The Aero Package adds a rear spoiler with rear underbody rear side fairings. Other available options include navigation system, Bose audio system, genuine wood trim and sunroof.
The Sport Package and the manual gearbox are not available in the AWD G35x. Fuel economy also suffers as a result of the four-wheel-drive system, along with slower performance than the rear-wheel-drive sedan thanks to its heavier weight.
Under normal highway driving, almost all the torque goes to the rear wheels. Pushing the "snow" button on the console will set torque distribution at 50/50. For spirited driving in the dry, we found it best to leave the button alone and let the system play around with torque distribution.
In addition to its active torque distribution, the G35X gets stiffer springs, shocks and antiroll bars to handle the 308 pounds of curb weight added when engineers stuffed in the transfer case and extra driveshafts. That moved the curb weight from 3369 pounds to 3677 and slid weight distribution forward by 1 percent to 53/47 front/rear.
Both G35s have the same 260-hp, 260-lb-ft 3.5-liter V6 engine, so those extra pounds and the accompanying parasitic drivetrain losses of awd will probably slow the car in acceleration and lengthen its stopping distances. The mandatory five-speed automatic will slow it even more (not enough people would buy a manual transmission to make it worth offering one, Infiniti said). Ride height on the X is 10 mm (0.393 inch) higher than the rear-drive G35, and the center of gravity is 7.5 mm (0.295 inch) higher. Both versions of the G35 sedan have the same 215/55R-17 all-season tires.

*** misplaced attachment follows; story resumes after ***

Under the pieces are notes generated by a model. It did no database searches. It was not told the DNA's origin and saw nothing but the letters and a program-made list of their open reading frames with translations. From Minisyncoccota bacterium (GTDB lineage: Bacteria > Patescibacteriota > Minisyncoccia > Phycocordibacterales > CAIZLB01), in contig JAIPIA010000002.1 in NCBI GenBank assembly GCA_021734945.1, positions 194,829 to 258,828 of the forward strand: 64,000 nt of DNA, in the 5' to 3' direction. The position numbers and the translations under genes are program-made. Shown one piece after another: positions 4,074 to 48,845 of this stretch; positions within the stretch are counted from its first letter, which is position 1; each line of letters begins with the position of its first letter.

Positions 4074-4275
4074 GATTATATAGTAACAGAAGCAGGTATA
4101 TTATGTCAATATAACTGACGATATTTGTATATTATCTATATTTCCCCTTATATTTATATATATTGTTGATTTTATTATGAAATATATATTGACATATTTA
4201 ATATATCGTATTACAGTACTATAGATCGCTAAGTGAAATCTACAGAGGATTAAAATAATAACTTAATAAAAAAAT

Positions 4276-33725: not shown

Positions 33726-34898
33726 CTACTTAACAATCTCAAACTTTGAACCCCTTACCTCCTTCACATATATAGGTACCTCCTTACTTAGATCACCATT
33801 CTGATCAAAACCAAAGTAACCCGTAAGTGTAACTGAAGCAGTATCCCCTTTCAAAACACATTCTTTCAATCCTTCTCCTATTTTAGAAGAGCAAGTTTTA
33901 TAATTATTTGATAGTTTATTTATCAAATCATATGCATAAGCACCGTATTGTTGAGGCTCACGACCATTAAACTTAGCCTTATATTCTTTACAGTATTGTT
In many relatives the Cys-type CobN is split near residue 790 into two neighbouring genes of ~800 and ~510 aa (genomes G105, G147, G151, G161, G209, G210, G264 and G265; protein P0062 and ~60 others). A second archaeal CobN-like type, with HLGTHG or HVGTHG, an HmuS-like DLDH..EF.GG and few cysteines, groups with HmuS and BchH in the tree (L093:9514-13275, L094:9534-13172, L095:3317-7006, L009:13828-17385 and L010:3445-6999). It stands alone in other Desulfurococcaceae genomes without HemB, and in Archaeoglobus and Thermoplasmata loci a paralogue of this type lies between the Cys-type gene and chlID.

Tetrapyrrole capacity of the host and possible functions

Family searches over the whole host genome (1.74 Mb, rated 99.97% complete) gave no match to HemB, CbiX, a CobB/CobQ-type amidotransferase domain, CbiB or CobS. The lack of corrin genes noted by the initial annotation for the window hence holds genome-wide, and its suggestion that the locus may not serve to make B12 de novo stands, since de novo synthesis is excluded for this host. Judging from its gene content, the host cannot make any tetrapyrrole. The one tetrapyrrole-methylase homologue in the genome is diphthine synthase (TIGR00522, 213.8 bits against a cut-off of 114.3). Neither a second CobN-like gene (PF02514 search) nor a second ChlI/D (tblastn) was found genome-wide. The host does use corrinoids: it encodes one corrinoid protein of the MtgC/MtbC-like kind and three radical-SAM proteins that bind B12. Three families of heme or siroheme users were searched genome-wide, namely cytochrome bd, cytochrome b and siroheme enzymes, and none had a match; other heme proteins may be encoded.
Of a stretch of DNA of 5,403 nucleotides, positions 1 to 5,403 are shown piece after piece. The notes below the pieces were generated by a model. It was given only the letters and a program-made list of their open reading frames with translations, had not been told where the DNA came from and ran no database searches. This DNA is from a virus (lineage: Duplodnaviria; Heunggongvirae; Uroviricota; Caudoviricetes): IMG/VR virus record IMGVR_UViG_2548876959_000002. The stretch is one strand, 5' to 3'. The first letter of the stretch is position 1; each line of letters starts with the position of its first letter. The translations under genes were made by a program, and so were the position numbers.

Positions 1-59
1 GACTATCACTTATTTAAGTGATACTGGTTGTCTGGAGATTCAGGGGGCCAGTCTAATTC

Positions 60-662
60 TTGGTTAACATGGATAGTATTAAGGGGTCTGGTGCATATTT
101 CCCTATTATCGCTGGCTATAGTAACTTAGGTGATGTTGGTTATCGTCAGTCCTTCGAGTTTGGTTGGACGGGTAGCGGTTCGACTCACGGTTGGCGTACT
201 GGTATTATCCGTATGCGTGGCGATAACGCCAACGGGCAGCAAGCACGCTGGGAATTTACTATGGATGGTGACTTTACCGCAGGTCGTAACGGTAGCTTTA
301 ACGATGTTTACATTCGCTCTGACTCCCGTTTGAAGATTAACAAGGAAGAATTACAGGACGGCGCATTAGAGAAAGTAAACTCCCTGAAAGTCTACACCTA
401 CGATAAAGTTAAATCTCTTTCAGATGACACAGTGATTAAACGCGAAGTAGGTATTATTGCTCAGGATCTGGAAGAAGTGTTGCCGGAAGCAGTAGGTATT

In spirited corners all that gear made the car feel more stable. On our drive, the rear-wheel-drive G35s oversteered more when exiting corners under hard acceleration than the all-wheel-drive G35Xs, and the G35X felt stiffer in the front end, too, with what felt like better grip going into turns.
On a regular, dry road course, lap-to-lap with competent pilots, the rear-drive G35 would have to be faster, given the weight difference, ride height and power available to the wheels. But the X model is just a little safer to play with, and would certainly be more stable and maybe even more fun when it starts to rain or snow.
The exterior flair continues inside the car. Interior panels and surfaces are high quality, with wood and titanium-look accents. Seats are comfortable and easily adjusted, and the big, clear instruments are easy to read at a glance. A unique feature is that the driver’s seat is padded differently to the passenger’s seat for greater support during sporty driving. The passenger seat is oriented toward a more relaxed seating position.